Ciao, SEers! Yeah, I know “throwing shade” is an insult. I promise, that’s not what I mean. I just wanted to get your attention. Do I have it? Great!
When I was in school, we learned about the four types of sentences:
- declarative (statement)
- interrogative (question)
- imperative (command)
- exclamative (exclamation/shout of surprise)
Our teachers told us we could remember these by the first letters of the words: DIIE, or the elongating the word “die” as a mnemonic device. I didn’t think a mnemonic device was necessary for four simple concepts, especially one that didn’t really work, but it made them happy, so whatever.
Today, I think we all know those four sentence types about as well as we know our own names, without any memory tricks. (Especially ones that don’t quite work.) But I want to discuss five different sentence types that we use in our fiction, and I have a mnemonic device that actually does work to help you remember them.
It stands for sensory, history, action, dialogue, and exposition. Let’s look at each in more detail.
Sensory sentences deal with the senses. We tend to rely on what we see and lean heavily into the visual—colors, people’s appearances, expressions. But there are four other senses that add rich detail to our descriptions. Smell is the strongest memory trigger. Sound can help ground a character and define a setting. Taste is the most often ignored but can be a vibrant and defining sense. And touch adds texture and dimension that none of the other senses offers. Joan hall wrote an excellent series of posts on the five senses. For more details, you can find her take on sight, sound, smell, taste, and touch by clicking the links.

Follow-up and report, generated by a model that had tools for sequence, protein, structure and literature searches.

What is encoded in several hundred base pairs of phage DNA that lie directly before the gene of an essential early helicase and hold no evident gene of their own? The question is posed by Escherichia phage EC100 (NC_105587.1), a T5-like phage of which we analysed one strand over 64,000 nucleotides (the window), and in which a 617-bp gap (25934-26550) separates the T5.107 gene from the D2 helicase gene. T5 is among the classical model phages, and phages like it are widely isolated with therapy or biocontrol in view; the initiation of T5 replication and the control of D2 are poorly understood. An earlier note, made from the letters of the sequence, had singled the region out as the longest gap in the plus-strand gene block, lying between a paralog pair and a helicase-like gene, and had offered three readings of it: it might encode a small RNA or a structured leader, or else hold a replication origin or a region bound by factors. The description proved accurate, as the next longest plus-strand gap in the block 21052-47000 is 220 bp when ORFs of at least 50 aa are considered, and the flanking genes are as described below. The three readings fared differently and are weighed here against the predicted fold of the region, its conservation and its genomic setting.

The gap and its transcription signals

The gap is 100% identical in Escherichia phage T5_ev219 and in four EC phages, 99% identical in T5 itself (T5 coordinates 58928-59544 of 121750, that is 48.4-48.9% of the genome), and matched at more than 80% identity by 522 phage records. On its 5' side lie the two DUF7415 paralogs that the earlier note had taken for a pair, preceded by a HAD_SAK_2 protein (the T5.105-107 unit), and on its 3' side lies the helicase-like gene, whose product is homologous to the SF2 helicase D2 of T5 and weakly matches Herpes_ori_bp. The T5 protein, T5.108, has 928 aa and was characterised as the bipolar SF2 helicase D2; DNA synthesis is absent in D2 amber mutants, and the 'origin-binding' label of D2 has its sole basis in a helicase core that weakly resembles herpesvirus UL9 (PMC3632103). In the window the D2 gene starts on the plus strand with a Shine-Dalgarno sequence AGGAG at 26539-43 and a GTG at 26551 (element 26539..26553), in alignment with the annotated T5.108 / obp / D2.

Sentences that detail a character’s history are often discouraged. People hear “backstory” and they throw up red flags. But backstory is important. No, you don’t want huge blocks of it. Info dumps are bad and boring and readers will put down your book and probably never pick it up again. But they do need to know who your character is. Just like you get to know a new friend bit by bit over the course of the years you know them, you want to get to know your characters bit by bit over the pages you know them. Of course you don’t need to know about the time he skinned his knee at Great Aunt Ida’s 95th birthday party. Not unless it’s relevant to who he is today or what the plot of the story is now. But you’ll want to see that he always buys coffee at the Dunkin’ across from Panda Express at 9:00 a.m. before going to work, and he always pays for the car behind him. That’s history, but it also establishes his character.
Action sentences are the ones we either love writing or dread writing. These are the ones that really drive the plot forward. Fight scenes. Chase scenes. A hike. A stroll. A leisurely country drive. A swim. A horse ride. Most of the time, if it’s a verb, it falls in this category. These scenes are driven by what’s going on externally and not what the character is thinking or feeling. That doesn’t mean you can’t use any internalization, because you can work some in. But the focus is the driving action around the characters.
Dialogue is probably the type of sentence we’re all most familiar with. I’ve written two posts about it already, if you want to brush up on some of the rules or best practices. Dialogue is important because, when done effectively, it drives the plot better than any other sentence type. Characters exchanging words is the easiest way for an author to impart information to a reader. Just make certain it’s easy to tell who is speaking without going overboard with name use. You don’t want to do anything that confuses or distracts the reader.
The last type of sentence is exposition. This is when your character can express his opinion about his situation. It’s a good place to reveal details about the setting—it could be his unease about the creepy noises in the fog—or his jealousy that his ex (who he broke up with) has moved on and he hasn’t and he has a nonstop internal monologue about all the guy’s flaws while they make polite smalltalk over beers at a picnic. Any information that you want to impart to the reader can be done through your POV character’s internal thoughts, which is far better than a generic, bland description that could have come from any random narrator.
So, there you have it. SHADE. If you have your POV character throw a little shade in your stories, you’ll avoid that generic narrator in your work and have a strong established voice throughout.
Do you avoid the generic narrator in your stories? Let’s talk about your techniques.